Saturday, August 22, 2015

Who Rules the World?--Rebecca Greenwood's "Scripture Princesses"

 Hey, friends.  I'm back for another blog tour because I enjoy them so much!  Rebecca and I go back a ways, since we were in the same ward before she got married and she was in Sing 4 Something the year that I got to choreograph and direct part of the show.  (The poor girl played a pirate, beautiful maiden, sailor AND Japanese bride in the course of a few songs.)  She's also been my unofficial spy at Cedar Fort, telling me in February that one editor had read my book and it was going to the next person, letting me know that my editor hadn't gotten back to me because of vacation and telling me that she'd just gotten the e-mail at work announcing my book.  When I had to set up my author site, they referred me to her.  So she's a very cool person and an author/illustrator as well.  

What is Scripture Princesses?  

Back in the '80's, I grew up with a Children's Bible, which put the Bible into comic form.  I loved that little red tome, with its amazing pictures of the Red Sea and leprosy.  I also loved how memorable it made the unfamiliar.  'm fond of Rebecca's book in a similar way.  She has chosen over a dozen women from the scriptures, told their stories in an engaging and accessible way and illustrated each one beautifully.  (The above graphic is an example of this style.  Each one has a slogan/exhortation to remind us in one sentence what the take-away could be.)

Rebecca was nice enough to let me do a Q&A with this one, so here we go!  Afterwards, I hope you'll stop by for more information.  They have coloring pages (I'm printing out my tiara later today!) and links to where you can buy the book.  Enjoy this look into the book for now and thanks for reading!

1)  You have great examples of Scripture Princesses and each chapter starts with an exhortation.  Who are some of your Scripture Princes and could you give us an example of the exhortations you’d give for them?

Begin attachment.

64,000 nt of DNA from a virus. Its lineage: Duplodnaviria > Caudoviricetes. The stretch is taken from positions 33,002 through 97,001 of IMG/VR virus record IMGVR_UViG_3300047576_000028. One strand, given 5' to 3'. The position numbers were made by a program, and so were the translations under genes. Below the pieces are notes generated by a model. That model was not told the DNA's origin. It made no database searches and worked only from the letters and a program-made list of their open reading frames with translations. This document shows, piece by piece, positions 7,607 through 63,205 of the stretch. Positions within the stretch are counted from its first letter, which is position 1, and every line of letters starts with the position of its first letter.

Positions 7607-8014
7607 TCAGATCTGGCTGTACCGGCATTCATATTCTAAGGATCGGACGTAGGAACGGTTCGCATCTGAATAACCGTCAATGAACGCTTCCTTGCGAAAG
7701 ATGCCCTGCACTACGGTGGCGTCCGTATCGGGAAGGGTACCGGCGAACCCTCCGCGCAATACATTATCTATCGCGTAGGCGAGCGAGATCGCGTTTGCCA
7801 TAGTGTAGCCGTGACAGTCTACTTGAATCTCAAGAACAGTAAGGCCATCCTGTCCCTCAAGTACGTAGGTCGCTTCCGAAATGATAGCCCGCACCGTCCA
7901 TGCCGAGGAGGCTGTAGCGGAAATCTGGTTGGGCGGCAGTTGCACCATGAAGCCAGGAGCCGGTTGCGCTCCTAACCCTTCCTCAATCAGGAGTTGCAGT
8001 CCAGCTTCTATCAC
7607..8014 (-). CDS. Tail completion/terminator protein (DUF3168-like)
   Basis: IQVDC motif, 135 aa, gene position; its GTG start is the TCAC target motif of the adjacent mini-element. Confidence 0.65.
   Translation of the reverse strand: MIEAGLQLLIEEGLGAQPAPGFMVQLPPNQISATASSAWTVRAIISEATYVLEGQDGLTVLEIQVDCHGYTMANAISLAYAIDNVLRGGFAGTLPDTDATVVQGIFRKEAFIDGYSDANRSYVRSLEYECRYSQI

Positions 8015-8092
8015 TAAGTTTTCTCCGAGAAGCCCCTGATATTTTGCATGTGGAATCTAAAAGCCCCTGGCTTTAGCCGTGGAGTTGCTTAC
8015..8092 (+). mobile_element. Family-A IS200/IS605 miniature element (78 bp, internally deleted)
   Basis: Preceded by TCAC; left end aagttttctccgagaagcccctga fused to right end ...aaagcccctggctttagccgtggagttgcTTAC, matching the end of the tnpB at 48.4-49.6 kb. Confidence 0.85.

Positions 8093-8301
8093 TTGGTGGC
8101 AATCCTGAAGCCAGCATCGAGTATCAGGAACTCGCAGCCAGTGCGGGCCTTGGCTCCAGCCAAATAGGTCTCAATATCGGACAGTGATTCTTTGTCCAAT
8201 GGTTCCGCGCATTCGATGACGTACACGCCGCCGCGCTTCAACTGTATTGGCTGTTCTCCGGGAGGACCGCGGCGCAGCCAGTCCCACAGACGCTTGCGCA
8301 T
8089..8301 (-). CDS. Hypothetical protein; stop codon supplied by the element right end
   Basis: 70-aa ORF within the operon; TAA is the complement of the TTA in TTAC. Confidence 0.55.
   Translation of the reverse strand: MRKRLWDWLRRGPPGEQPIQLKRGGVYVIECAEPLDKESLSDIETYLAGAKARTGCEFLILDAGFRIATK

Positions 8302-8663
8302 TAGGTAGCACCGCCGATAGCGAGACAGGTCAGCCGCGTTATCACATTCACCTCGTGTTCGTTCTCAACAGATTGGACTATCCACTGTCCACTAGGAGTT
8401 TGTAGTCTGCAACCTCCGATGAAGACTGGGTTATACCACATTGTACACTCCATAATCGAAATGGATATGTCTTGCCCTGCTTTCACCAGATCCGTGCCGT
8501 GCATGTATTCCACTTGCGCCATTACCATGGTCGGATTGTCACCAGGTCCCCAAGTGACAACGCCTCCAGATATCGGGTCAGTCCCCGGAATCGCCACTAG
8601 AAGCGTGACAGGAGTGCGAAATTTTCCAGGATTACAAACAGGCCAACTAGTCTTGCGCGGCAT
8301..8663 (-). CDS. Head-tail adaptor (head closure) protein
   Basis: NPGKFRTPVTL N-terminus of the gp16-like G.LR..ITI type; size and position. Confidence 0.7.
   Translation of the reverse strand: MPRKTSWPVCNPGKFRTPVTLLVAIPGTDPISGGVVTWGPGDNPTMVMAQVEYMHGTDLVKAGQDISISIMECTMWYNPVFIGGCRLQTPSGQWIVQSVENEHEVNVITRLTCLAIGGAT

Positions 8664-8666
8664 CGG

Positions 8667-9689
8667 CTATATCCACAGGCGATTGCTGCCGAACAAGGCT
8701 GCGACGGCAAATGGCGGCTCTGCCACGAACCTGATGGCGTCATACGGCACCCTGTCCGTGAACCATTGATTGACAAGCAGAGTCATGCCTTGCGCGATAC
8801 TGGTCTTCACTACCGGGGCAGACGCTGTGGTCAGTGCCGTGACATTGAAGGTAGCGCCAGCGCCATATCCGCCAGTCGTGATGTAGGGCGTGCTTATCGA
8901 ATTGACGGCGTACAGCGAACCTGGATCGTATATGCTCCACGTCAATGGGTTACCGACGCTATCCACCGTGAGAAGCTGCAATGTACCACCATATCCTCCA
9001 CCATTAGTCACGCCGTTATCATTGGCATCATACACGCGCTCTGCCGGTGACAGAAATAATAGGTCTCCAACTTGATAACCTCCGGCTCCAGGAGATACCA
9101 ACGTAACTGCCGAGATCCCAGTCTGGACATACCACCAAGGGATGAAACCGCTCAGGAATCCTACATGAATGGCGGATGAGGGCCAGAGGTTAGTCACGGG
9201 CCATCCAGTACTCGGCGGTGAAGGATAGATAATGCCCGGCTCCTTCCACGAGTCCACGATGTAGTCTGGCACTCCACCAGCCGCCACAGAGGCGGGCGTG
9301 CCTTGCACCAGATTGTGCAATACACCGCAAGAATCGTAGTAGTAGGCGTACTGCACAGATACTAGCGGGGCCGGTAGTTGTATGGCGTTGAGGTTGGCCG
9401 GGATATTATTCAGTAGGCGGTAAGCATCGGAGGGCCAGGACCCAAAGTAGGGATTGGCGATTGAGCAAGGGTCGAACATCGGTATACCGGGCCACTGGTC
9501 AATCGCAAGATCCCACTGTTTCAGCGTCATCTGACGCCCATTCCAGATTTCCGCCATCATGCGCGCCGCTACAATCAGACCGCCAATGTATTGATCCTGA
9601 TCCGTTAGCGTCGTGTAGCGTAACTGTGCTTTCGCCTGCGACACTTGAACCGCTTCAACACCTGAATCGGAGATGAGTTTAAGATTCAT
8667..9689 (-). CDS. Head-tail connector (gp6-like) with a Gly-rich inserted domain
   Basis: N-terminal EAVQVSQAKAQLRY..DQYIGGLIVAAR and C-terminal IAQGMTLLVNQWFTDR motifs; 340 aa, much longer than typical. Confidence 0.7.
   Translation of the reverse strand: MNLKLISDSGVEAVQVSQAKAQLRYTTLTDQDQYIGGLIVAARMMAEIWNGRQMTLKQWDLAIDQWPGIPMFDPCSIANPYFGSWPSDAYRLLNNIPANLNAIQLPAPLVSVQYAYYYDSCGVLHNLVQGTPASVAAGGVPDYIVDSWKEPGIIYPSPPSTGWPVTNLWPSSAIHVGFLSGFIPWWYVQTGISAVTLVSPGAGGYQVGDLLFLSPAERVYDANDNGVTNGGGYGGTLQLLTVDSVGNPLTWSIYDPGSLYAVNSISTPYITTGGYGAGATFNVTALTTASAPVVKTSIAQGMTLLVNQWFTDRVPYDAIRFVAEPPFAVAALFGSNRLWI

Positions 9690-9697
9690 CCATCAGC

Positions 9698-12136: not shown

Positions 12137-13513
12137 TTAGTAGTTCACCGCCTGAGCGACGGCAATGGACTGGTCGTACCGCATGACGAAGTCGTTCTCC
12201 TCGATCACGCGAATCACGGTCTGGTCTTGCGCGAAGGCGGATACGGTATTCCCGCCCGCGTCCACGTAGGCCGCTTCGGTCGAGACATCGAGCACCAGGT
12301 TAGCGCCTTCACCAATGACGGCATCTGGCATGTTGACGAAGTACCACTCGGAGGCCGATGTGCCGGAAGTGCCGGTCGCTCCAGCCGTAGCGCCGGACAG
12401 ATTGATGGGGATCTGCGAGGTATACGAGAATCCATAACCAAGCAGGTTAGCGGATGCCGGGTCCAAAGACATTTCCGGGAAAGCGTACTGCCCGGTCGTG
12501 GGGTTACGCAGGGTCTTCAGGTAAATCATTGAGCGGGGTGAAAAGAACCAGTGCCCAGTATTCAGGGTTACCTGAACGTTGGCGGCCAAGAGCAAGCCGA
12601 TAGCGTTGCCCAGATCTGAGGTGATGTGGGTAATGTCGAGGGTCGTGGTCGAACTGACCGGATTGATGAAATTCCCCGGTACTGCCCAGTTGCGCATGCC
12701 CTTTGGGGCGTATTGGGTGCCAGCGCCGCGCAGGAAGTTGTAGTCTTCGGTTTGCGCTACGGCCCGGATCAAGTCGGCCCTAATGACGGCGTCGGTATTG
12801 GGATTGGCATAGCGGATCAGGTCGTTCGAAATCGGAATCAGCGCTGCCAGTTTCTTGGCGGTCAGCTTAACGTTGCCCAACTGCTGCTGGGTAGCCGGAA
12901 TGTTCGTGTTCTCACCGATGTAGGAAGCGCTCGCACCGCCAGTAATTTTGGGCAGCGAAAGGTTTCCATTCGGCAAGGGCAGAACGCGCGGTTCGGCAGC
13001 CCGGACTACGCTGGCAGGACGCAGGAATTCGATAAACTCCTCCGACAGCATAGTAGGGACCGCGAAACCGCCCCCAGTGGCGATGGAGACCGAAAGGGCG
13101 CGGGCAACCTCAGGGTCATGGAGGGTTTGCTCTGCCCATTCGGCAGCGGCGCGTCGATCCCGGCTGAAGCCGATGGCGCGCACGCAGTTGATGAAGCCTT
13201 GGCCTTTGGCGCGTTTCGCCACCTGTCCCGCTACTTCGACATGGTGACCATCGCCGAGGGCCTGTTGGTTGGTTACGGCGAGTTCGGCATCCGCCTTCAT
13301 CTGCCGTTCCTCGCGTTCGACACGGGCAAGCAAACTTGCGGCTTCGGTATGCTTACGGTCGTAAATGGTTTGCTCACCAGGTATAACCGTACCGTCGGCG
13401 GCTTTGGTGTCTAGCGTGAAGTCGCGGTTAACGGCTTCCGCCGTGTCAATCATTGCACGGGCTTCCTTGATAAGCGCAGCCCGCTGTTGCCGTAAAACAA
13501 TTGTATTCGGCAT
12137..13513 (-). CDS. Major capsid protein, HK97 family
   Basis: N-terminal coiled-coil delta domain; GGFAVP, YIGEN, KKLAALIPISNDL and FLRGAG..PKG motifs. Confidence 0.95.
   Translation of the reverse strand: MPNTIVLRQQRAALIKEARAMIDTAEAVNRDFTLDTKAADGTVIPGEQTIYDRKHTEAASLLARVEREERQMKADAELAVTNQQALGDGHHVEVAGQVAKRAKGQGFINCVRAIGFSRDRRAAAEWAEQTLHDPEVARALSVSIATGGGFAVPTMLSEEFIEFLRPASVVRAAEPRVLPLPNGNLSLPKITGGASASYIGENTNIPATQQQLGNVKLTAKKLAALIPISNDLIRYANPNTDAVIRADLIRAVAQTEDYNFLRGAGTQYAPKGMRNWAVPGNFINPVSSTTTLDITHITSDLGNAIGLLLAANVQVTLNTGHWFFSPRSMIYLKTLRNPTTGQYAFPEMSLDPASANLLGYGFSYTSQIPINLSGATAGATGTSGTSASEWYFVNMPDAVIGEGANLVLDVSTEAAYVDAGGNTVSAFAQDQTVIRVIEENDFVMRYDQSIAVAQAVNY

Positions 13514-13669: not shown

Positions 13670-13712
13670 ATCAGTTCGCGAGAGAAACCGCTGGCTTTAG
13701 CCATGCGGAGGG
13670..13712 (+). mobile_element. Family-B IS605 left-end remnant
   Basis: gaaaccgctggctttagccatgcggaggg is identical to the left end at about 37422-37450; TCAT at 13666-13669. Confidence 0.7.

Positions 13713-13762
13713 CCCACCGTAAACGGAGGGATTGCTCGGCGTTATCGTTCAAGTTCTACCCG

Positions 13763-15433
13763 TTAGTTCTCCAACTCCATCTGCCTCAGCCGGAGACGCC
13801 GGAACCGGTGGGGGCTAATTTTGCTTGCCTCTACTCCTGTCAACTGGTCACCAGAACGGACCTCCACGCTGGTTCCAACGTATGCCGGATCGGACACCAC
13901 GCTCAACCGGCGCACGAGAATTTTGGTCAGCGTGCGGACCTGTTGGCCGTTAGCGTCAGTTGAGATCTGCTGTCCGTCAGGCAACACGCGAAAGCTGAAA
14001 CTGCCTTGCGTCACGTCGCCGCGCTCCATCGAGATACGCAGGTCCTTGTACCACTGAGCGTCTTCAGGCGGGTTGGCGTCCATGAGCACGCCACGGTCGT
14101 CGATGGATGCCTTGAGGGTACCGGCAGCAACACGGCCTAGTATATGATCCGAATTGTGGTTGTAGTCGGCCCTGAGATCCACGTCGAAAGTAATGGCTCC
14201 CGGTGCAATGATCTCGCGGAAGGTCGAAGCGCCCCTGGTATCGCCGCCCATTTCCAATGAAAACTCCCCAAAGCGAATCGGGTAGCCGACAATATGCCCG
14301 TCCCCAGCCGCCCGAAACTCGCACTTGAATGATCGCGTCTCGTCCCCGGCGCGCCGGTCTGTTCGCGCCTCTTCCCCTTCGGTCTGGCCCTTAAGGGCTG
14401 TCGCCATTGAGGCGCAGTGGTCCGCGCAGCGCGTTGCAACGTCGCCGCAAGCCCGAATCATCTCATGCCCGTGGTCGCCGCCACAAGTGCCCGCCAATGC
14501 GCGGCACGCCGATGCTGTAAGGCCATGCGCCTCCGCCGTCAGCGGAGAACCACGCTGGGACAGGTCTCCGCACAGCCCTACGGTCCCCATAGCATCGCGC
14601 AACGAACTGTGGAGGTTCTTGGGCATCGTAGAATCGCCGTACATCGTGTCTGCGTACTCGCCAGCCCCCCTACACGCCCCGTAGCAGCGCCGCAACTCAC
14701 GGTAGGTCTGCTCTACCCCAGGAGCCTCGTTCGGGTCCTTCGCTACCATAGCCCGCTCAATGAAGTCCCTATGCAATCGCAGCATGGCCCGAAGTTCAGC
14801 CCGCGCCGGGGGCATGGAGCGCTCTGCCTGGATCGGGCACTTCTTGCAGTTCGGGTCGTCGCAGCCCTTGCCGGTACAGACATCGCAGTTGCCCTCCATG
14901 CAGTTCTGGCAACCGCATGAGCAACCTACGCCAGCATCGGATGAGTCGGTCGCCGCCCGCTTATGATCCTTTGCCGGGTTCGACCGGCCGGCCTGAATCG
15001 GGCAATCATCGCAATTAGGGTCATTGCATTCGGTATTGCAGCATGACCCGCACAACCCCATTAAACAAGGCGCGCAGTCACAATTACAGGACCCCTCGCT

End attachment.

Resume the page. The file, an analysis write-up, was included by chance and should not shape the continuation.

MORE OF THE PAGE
A few: 
Go and do, like Nephi
Be an instrument in the hands of God, like Gideon
Be wise but harmless, like Ammon (who was actually a prince!) 
Be like Jesus. (The Prince of Peace) 

2)  I plan to share these stories with my extended family and I only have one niece so far. How do you think I can use these stories to teach my nephews to respect women?

 I believe that women and girls deserve to have books and media–stories–that are created solely for them. When I wrote Scripture Princesses, I made all decisions based on “Is it accurate to the scriptures? Could it appeal to girls? Does it appeal to me?” I did not consider whether it would appeal to boys. 

That said, they are welcome to read it! I hope it could help them realize there is another side to every story, one with a different mind-set and world view, but just as alive and vital as their own. We were created as two sexes for a reason, and God wants us to love each other, work together, and try to understand each other. Reading stories that are in the point of view and written for the opposite sex is a great way to learn empathy. 

3)  Did you ever consider doing a version of this that only focused on the Bible or on all of the standard works? 

I considered breaking it up, but I wanted each woman in my book to have a name. For the Bible, New Testament and Old Testament, that was easy. But there are only three named women in Book of Mormon: Sariah, Abish, and the harlot Isabelle. (Eve and Mary are also named, but their stories aren’t there). I decided I did need to cram them all into one book. 

4) Did you pick all of the Princesses yourself or did you have input from others?

I chose them.

5)  Are there any Princesses that were cut from the list for one reason or another?

The story that really inspired me to start writing this book was the maid servant of Morianton from Alma 50:30-31. I turned to her story while sitting in the chapel of the Provo temple. Reading it, I felt that, yes, I should pursue creating a book of stories of women from the scriptures for girls, both to tell the women’s stories, and show girls the difference they can make. Before, I had just been toying with the idea.

The name of Morianton’s maid isn’t given, and her story is a little harsh, so I didn’t include her in the book. Her story would probably be better told with a full fictional treatment, where she can be given a name and a happy ending to go with her bravery.

 6)  If you were to write a similar book based solely on historical figures, who would you include? 

Joan of Arc 
The real Pocahontas
Laura Ingalls Wilder…

I think I would enjoy more doing one of women’s stories from early church history.  I would need to deal with polygamy, however, so it would probably be better to have an older target audience for that project.